• Suvarnabhumi Airport is the closest district to airport and is perfect for people in transit, who don’t have time to enter the city. You will find here a wide range of 5 star and budget hotels dotted with modern facilities but designed for short stays; some of these budget Bangkok airport hotels are only 6 minutes away by car and offer a free one way or round trip transfer included in the room rate. Nevertheless the area has easy access to the city and there are several Bangkok tourist attractions located not far away including Wat Bang Phli Yai Nai, Crocodile Farm, the Ancient City, etc.
  • Pratunam is ideal for shopaholics as there is located the Platinum Centre - an amazing place to shop for clothes and related item, and Panthip Plaza - an electronics and IT mall. Pratunam hosts the prime wholesale clothing market in Bangkok. The small laneways located between the Amari Atrium Hotel and the Baiyoke Sky Tower are filled with little market stalls selling everything imaginable. Also you will find there tasty traditional food and drinks. Pratunam is located directly on the Airport link line.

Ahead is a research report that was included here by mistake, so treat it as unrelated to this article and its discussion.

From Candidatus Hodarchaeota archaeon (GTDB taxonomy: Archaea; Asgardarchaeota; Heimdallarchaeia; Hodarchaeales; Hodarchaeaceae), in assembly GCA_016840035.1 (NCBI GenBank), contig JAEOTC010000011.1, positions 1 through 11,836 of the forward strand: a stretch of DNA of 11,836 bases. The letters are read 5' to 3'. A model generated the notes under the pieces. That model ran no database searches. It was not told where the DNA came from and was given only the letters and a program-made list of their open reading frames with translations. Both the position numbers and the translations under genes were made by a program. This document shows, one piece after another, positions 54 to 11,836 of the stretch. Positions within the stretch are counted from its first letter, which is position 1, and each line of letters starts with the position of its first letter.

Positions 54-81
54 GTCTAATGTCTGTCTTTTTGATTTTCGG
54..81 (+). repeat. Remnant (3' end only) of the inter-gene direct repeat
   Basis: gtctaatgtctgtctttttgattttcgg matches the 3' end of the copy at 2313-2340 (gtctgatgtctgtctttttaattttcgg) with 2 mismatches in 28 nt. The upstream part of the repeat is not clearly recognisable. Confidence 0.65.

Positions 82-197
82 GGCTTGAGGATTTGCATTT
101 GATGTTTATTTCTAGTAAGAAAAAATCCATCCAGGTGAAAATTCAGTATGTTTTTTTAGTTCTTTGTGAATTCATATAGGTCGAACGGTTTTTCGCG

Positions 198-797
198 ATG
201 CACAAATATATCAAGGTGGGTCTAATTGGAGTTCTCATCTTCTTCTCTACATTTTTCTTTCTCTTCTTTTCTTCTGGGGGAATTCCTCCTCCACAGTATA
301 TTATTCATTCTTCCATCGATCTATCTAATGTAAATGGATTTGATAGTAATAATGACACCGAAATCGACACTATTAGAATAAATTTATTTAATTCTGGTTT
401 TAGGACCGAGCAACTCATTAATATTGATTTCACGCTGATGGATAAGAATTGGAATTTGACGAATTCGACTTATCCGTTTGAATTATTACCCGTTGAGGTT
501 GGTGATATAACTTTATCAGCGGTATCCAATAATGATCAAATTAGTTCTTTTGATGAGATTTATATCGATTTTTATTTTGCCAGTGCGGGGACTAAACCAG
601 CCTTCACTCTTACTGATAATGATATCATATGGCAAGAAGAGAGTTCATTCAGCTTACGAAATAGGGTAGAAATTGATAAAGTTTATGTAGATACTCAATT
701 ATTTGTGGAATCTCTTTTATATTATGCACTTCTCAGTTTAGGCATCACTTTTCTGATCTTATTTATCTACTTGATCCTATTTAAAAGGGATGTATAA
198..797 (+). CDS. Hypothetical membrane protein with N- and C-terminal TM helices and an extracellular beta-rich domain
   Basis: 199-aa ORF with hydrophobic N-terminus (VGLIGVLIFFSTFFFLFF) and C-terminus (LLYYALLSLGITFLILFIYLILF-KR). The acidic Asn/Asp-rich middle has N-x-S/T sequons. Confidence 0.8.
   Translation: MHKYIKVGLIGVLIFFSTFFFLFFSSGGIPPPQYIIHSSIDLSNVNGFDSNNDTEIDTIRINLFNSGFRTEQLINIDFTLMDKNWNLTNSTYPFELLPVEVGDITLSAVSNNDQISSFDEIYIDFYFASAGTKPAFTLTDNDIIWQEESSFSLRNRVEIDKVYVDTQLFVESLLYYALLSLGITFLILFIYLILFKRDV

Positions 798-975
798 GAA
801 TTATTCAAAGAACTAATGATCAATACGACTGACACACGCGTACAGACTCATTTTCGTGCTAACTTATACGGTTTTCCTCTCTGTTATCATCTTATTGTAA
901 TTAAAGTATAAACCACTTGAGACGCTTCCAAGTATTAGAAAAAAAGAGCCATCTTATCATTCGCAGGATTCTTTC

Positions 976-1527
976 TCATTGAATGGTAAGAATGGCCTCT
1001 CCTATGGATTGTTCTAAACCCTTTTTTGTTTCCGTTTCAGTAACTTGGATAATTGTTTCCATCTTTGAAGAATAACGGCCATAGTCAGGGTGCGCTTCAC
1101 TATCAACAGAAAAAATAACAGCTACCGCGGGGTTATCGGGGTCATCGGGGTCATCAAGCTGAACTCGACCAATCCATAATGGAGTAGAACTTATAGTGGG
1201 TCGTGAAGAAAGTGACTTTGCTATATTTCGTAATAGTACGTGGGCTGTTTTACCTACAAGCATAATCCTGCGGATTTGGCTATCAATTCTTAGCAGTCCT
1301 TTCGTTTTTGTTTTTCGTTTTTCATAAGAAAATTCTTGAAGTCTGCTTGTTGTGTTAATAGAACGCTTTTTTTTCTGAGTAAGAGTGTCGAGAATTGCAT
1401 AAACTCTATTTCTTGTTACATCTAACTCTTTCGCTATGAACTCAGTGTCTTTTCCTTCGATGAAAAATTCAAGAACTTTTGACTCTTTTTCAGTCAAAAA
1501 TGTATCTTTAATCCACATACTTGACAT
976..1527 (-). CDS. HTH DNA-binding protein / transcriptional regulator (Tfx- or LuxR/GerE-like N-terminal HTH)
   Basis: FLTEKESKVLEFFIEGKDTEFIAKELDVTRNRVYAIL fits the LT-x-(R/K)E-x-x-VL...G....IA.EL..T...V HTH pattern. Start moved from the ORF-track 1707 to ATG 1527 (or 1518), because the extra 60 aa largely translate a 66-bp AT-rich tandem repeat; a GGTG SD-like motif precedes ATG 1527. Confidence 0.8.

• Riverside is probably the most romantic place to stay when traveling to Bangkok. What can be better than a spectacular view over the river that divides the city into old and new? It is located on the banks of the Chaophrya River, about one hour from Bangkok’s Suvarnabhumi Airport. The area is filled with Bangkok hotels for all tastes and pockets. Hotels located on the West bank of the river usually offer shuttle boats to take visitors on the other side. Riverside is perfect for history buffs as the main historical sites are located nearby.